Akhil Amar and the draft of Dobbs

Yale law professor Akhil Amar, in a prominent defense of the Supreme Court’s leaked draft opinion quashing Roe v. Wade, argues in the Wall Street Journal that it contains “nothing radical, illegitimate or improperly political”. Amar supports access to abortion but doubts that it is protected by the Constitution. He points out that Roe was poorly motivated. He thinks the “disastrous assessments” by many authors that Judge Samuel Alito’s draft in Dobbs v. Jackson Women‘s Health endangers same-sex marriage and some forms of birth control “do not stand up to scrutiny.” He even suggests that the new diet might not be very hard on women.

His essay was trumpeted by many in the conservative press as proof that even some liberals admit that canceling Roe wouldn’t matter. But the play is full of unwarranted optimism and leaps of logic.

It is true that Roe’s reasoning was not convincing. But courts sometimes get the right results for the wrong reasons. In Brown v. Board of Education, Chief Justice Earl Warren’s opinion relied on shaky social science to declare segregated schools unconstitutional. Warren did it because he wanted a unanimous court, and a condemnation of all the vicious racism of the Jim Crow regime would have lost the vote of Stanley Reed, a Kentucky judge. Brown was soon shown to be unassailable, but not for the reasons in the court’s opinion. (Amar knows all of this. He’s quoting the “best argument” for Brown, not what Warren wrote.) Should Brown’s decision be overturned because the court used the wrong argument? How is Roe different?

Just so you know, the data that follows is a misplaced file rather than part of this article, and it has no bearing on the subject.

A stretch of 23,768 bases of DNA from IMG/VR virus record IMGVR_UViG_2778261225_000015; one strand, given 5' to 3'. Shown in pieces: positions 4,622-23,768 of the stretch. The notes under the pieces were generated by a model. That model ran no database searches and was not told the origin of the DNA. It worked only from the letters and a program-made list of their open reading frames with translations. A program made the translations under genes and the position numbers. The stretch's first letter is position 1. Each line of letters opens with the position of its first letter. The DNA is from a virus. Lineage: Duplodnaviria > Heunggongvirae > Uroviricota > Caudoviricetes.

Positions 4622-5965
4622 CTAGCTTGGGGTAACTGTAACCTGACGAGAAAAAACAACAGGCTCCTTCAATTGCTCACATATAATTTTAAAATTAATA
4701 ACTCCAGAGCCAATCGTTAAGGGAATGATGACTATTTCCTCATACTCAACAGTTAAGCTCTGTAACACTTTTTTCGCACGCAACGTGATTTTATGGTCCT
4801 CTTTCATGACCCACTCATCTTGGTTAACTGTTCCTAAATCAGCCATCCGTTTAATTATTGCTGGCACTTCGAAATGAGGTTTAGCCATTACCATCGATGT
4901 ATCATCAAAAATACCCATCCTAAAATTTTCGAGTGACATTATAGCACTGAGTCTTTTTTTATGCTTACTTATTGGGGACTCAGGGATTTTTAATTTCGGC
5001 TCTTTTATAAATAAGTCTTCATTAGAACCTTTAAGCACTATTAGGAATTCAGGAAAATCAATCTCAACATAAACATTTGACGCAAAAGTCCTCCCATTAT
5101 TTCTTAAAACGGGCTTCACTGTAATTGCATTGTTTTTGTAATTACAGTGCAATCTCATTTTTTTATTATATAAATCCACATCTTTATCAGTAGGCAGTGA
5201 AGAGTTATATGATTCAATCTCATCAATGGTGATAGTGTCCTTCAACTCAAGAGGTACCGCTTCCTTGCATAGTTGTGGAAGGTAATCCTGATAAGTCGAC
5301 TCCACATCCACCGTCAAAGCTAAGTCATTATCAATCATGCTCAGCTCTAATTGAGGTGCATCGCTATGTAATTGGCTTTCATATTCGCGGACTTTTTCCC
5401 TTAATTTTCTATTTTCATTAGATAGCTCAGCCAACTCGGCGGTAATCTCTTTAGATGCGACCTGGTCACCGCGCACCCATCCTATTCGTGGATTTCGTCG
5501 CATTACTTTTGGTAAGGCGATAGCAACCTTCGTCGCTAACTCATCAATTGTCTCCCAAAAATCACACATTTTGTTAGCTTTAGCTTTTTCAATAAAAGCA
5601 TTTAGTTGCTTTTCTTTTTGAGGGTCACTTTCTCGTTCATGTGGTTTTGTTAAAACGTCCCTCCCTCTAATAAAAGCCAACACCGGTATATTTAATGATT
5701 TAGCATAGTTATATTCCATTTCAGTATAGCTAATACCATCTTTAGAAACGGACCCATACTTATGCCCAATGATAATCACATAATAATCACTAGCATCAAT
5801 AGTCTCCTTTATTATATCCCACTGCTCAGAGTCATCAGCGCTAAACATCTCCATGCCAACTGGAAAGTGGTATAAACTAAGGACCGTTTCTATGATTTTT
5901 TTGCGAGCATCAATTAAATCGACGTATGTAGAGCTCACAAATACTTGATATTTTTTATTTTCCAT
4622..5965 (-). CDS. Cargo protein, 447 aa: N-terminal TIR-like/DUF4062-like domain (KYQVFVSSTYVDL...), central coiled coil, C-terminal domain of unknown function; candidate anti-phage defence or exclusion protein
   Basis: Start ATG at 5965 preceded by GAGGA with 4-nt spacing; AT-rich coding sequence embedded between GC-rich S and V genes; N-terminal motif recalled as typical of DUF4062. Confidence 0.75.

Amar writes that “Roe said nothing, surprisingly, about the relationship between abortion rights and women’s equality”. Alito’s draft has the same flaw: it “says little – too little – about sex and gender equality“, and Amar thinks the court “will probably have to take equality issues more seriously”. That’s like saying a boat is seaworthy except for the big hole in the hull.

Alito disposes of the sex discrimination argument in a short paragraph, relying on a 1974 ruling (which Amar elsewhere calls “ridiculous”) that pregnancy discrimination has nothing to do with sexual discrimination – as if the subordination of women was not always to deprive them of control over their reproductive powers. Amar does not tell us how he thinks Alito could defend his position while recognizing the equal protection clause which, unfortunately, is in the Constitution.

Amar makes a brief foray into originality: “When Americans passed the 14th Amendment in the 1860s, hardly anyone thought it outlawed abortion laws.” Yes, and hardly anyone thought it prohibited racial segregation. The same Congress that passed the amendment also separated the schools in Washington, D.C. Sophisticated originalists such as the late Justice Antonin Scalia realized long ago that one cannot simply try to channel the subjective expectations of drafters when interpreting a text. Amar, like Alito, does not even mention the 13th Amendment argument, even though forced pregnancy and childbearing were an integral part of the slavery the amendment abolishes.